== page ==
Private Charles Martyn Legate - died 19/7/1916

53rd Australian Infantry - service number 3366

Charles was born in December 1893,  the son of Theophilus and Sara J Legate of "Spafield", Holywood, County Down. After Inst, he attended Queen's University Belfast for two months before moving to Australia where he worked as a bushman.

He enlisted with the Australian Infantry on 20th July 1915 in Dubbo, New South Wales, when aged 21, originally joining the 4th Battalion before transferring to the 53rd Battalion. He was allocated to the Machine Gun Section, and sailed with them to France on board the "Royal George" in June 1916 via Alexandria and Marseilles.

Charles was killed in the ill-fated Australian 5th Division attack at Fromelles, aged 22.

Charles is buried in VC Corner Australian Military Cemetery, Fromelles (panel 8), Nord, France

Second Engineer George Legate - died 29/10/1918

Mercantile Marine HMT Seattle

eorge died on board the HMT Seattle on 29th October 1918

George is buried in Archangel Allied Cemetery (ref A2), Russia

Second Lieutenant Charles Legg - died 15/9/1918

203rd Field Company Royal Engineer

Charles, from Bayview, Carrickfergus, County Antrim, attended Queen's University Belfast after Inst, from where he graduated with a BSc in 1914. He was also a member of the Officer Training Corps at the university. During university vacations he had been working for Holywood District Council as an assistant engineer.

He was 22 years old when he enlisted in June 1915 and was commissioned to the Royal Engineers in January 1917.

Charles suffered a serious injury while riding. In a statement, Lt Tate of the Royal Engineers said: 

"2nd Lt Legg and I were riding from the Company Camp to the CRE's office at Bavinchove on duty and when crossing a field, Lt Legg's horse bolted with him and he was thrown against a tree. Captain Lavington RAMC and his orderly were riding with me at the time and attended to Lt Legg after the accident until the arrival of the ambulance which was immediately sent for. The doctors did all they could but he died from a fracture of the ribs on the right side with internal injuries accompanied by severe shock".

Charles died on 15th September 1918 and is buried in Arneke British Cemetery (ref VII A 17), Nord, France.

Second Lieutenant William Norman Legg - died 24/3/1916

7th King's Shropshire Light Infantry

William was the son of Sarah Ann Legg of 41 Fitzwilliam St Belfast. He was living at 4 Dunluce Avenue, Belfast prior to enlisting.

He suffered a neck fracture in the Ypres Salient on 16th January 1916 and was sent to the Duchess of Westminster Hospital in Le Touquet to recover.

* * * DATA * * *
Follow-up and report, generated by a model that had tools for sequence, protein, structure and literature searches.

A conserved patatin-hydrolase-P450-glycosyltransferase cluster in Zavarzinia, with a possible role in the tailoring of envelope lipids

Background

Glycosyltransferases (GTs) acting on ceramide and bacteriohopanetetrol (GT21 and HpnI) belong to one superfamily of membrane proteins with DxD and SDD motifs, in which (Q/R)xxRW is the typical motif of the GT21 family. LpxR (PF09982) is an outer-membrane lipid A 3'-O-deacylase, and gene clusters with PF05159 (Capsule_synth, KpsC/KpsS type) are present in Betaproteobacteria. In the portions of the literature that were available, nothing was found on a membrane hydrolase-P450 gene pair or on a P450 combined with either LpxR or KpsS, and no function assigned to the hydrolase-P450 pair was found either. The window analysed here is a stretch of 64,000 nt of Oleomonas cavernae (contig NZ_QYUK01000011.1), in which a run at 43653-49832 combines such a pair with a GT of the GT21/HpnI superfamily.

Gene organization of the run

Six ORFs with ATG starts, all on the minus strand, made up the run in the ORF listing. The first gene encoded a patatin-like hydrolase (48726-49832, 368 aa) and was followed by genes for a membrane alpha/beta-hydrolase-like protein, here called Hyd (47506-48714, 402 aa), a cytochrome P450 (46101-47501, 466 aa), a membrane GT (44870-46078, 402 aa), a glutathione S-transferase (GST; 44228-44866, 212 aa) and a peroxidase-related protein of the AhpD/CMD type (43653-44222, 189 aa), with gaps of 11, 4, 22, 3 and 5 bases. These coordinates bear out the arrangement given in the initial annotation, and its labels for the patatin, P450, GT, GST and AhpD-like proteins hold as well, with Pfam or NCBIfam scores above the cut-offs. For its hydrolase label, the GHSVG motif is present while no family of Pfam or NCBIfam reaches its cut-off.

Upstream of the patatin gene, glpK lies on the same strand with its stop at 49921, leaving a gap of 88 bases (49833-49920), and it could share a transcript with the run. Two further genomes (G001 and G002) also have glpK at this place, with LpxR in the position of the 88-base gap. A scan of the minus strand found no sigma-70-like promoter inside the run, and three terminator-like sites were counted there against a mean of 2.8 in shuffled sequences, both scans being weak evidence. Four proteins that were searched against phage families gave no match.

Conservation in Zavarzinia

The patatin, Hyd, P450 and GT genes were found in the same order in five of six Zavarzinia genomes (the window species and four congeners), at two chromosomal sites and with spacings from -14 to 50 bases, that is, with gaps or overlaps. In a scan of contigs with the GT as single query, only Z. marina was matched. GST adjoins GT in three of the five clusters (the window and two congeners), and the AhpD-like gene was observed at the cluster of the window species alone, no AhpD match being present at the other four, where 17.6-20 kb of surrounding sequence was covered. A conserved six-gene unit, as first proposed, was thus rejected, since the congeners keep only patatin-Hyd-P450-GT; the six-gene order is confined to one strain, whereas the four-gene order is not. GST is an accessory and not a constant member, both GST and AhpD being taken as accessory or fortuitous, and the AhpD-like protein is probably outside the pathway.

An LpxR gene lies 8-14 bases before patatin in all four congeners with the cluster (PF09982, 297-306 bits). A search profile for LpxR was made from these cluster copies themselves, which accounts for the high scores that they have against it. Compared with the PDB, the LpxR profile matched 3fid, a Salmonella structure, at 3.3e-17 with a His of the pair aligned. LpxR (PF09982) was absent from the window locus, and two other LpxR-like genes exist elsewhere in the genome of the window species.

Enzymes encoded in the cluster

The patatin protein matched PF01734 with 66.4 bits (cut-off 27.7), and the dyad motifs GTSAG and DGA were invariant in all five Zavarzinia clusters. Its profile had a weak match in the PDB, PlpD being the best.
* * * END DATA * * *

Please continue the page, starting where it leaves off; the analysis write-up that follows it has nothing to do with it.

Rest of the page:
During the time he was in hospital his wife was given permission to visit him.

William died of heart failure on 24th March, aged 26, and was originally buried in Camiers Road Cemetery, Etaples. He was later reinterred is buried in Etaples Military Cemetery (ref I B 24), Pas de Calais, France.

Lieutenant Francis Patrick Mapletoft Leonard - died 29/4/1916

8th Royal Inniskilling Fusiliers

Francis was born on 30th June 1889, he son of Francis Mapletoft Leonard (the chief customs clerk for Belfast) and Jessie Leonard (nee Nell) of 7 Castleton Terrace, Belfast. As well as Inst, he attended Campbell College and Ellesmere College, Shropshire.

He was apprenticed as a civil engineer at the Combe Barbour foundry in Belfast, and he entered London University, in June 1910. He enlisted in the University and Public Schools Battalion of the Royal Fusiliers in September 1914, was gazetted second lieutenant in the same month, and was promoted to Lieutenant on 30th April 1915. He was living at 2 Charnwood Terrace, Chichester Park Belfast at this time.

Francis served in France from February 1916 and was died of gas poisoning near Hulluch in the early hours of 29th April 1916, when his battalion, which was holding a part of the front line, was subjected to a severe gas attack. The enemy released gas from two pipes laid out half way across no-man's land and gas came over in two clouds, the war diary reporting, "the first of a greenish colour, the second of a yellowish creamy colour. The Germans made no attempt to attack on our front".

His Company Commander wrote "His manner of death was cheerful, and I can truly say heroic" and his Colonel stated "I was very fond of him. We all were...he was a truly good officer in every sense of the word. I could see the steadying, restraining, illuminating evidences of his faith acting within him, and indeed, shining in his face". He was 26 when he died.

Francis was originally buried south of Lone Tree, Loos but his body was lost and he is now commemorated on the Loos Memorial (panel 60), Pas de Calais, France.

Lieutenant Bertram Chiene Letts - died 21/10/1915

13th Casualty Clearing Station, Royal Army Medical Corps


Bertram was the son of Dr. E. A. Letts (Professor of Chemistry, Queen's College, Belfast) and husband of Kathleen Mabel Whitlet Letts (daughter of the late Lord Provost Whittet of Perth), of 9, Comely Bank, Perth, and working as a doctor when he enlisted with the RAMC. Bertam and Kathleen had married on 3rd August 1915.

Bertram died at the age of 27, and is buried in Alexandria (Chatby) Military and War Memorial Cemetery (ref Q534), Egypt.